NGC 151 (H II.478) Shows intriguing and intricate looking spiral arms. Large, about 3’, and bright with the Stellacam.

In the Stellacam, this one, NGC 217 (H II.480), looks a little like a miniature Flying Saucer galaxy, NGC 4565. This is apparently an S0, and features a bright nuclear region. Nice, despite a supposed magnitude of 13.5.

NGC 1045 (H II.488) is just a smudge, slightly elongated with an extensive outer envelope and a non-stellar core. It is said to be a lenticular.

NGC 171, which looks to be about a minute and a half in size, shows strong barred spiral structure.


Ah, yes, that most boring of winter constellations, the meandering celestial river. Since his course steers him well away from the Milky Way, Eridanus’ flow is full of galaxies, including a number of outstanding ones…

NGC 1507 (H II.279) is an M108 imposter. Dusty, near edge on disk. Very thin, thinner looking than M108 or M82. Maybe 3’ in length.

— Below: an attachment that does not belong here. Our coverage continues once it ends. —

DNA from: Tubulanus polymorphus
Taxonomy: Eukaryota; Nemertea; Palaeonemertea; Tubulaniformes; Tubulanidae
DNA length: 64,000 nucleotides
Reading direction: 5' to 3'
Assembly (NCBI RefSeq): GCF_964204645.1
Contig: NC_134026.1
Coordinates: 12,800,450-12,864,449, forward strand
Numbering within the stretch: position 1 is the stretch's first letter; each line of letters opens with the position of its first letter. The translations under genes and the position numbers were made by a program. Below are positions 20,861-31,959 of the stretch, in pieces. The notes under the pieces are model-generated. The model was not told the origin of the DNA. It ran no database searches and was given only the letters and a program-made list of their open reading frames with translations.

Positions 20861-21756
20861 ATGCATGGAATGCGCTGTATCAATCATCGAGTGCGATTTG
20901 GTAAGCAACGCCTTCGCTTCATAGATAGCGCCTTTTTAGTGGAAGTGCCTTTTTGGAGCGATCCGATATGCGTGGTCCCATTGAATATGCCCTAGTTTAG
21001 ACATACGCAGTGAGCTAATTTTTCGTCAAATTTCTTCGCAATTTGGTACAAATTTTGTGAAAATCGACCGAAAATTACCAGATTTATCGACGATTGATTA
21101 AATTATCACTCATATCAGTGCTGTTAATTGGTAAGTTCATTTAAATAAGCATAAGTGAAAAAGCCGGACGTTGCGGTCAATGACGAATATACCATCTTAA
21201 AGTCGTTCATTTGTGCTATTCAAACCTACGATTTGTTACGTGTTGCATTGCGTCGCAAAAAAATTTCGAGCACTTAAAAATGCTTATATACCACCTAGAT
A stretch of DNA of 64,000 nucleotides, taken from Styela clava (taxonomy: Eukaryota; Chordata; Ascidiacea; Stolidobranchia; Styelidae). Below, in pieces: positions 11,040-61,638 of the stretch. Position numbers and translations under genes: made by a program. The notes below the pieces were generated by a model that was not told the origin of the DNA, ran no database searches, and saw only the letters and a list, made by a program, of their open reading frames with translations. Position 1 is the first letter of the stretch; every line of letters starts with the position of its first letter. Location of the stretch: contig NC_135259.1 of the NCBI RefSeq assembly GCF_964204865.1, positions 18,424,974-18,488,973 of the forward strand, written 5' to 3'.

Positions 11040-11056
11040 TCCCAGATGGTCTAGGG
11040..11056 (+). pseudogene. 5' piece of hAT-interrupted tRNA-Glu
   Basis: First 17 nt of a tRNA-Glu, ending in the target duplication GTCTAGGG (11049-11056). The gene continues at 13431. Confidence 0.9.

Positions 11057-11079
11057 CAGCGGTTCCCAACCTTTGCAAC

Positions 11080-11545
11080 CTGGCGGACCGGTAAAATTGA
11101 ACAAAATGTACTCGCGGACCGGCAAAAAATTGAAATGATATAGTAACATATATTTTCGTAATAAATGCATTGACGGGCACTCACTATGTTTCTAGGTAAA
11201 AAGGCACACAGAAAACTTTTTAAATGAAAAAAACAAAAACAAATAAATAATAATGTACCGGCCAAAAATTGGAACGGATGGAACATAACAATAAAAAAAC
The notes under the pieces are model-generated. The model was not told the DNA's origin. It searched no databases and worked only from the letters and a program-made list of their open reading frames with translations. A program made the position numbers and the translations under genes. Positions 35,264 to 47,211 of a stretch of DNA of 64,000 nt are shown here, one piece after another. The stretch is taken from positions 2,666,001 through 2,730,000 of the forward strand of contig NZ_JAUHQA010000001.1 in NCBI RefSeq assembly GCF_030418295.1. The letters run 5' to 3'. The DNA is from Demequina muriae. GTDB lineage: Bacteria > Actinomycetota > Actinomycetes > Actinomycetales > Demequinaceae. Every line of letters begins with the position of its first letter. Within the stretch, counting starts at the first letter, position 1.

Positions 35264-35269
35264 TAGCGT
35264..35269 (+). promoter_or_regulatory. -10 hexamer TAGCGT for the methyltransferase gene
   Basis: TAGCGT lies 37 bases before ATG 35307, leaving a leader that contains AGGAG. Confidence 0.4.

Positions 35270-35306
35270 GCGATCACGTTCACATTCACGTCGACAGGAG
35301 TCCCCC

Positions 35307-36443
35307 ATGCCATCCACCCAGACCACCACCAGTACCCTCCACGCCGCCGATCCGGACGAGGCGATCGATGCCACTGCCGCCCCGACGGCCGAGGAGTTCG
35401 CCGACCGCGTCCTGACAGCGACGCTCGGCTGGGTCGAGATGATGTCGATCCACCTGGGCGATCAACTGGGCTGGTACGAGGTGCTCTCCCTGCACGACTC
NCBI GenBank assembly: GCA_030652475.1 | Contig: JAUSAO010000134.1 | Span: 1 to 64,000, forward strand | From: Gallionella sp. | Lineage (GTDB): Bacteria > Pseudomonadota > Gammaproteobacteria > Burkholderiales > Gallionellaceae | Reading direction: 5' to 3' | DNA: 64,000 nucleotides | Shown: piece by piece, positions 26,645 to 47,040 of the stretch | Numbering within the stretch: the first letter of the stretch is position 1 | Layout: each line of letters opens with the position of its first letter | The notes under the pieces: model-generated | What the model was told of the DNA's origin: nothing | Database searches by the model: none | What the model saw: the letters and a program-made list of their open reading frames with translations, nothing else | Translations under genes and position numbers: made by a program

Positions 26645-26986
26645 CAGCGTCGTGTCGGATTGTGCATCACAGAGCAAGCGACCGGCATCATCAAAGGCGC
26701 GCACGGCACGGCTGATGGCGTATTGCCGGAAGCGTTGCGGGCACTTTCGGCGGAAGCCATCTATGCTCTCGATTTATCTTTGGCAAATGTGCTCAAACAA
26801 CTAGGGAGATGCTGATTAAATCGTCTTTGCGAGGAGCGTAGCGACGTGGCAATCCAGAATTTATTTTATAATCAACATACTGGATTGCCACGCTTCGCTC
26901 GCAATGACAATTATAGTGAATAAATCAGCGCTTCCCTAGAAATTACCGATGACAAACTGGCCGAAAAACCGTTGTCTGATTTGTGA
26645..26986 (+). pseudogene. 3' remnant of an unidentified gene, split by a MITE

NGC 1637 (H I.122) is interesting enough. It’s several minutes across and is a near-face on Sc spiral. Shows one prominent arm and a bright core.

NGC 1618 (H II.524) is another one that looks somewhat like the Messier galaxy, M106, to me, with an outlying, arcing, prominent spiral arm.

An elliptical, NGC 1700 (H IV.32) is a bright fuzzball with an elongated envelope. One other prominent galaxy in the frame, NGC 1699, is said to be dimmer than 14th magnitude, but is not a challenge for the C11/Stellacam.

NGC 1600 (H I.158), another elliptical, is a standout in a field peppered with small galaxies including NGCs 1601, 1603, and 1606. 1600 itself is bright and elongated with a non-stellar core.

The Stellacam shows NGC 1779 (H III.500), a barred spiral, as a small fuzzball. The center is elongated with no stellar core showing. It’s listed as 3’ in size, but I am for sure not seeing that much galaxy.

NGC 1162 (H III.469) is a round elliptical, nothing more. Looks brighter than its supposed magnitude of 13.5. Possibly slightly elongated.

NGC 1421 (H II.291) looks cool. At least 3’ across its major axis. Stellar core and a prominent, sharply hooked spiral arm. Weird.

A bright, off-round dust-bunny elliptical, NGC 1172 (H II.502) is listed as Magnitude 13 and 2’ in diameter.

NGC 1209 (H II.504) is pretty with a bright and elongated core and outer envelope. No detail, and I wouldn’t expect any from this elliptical.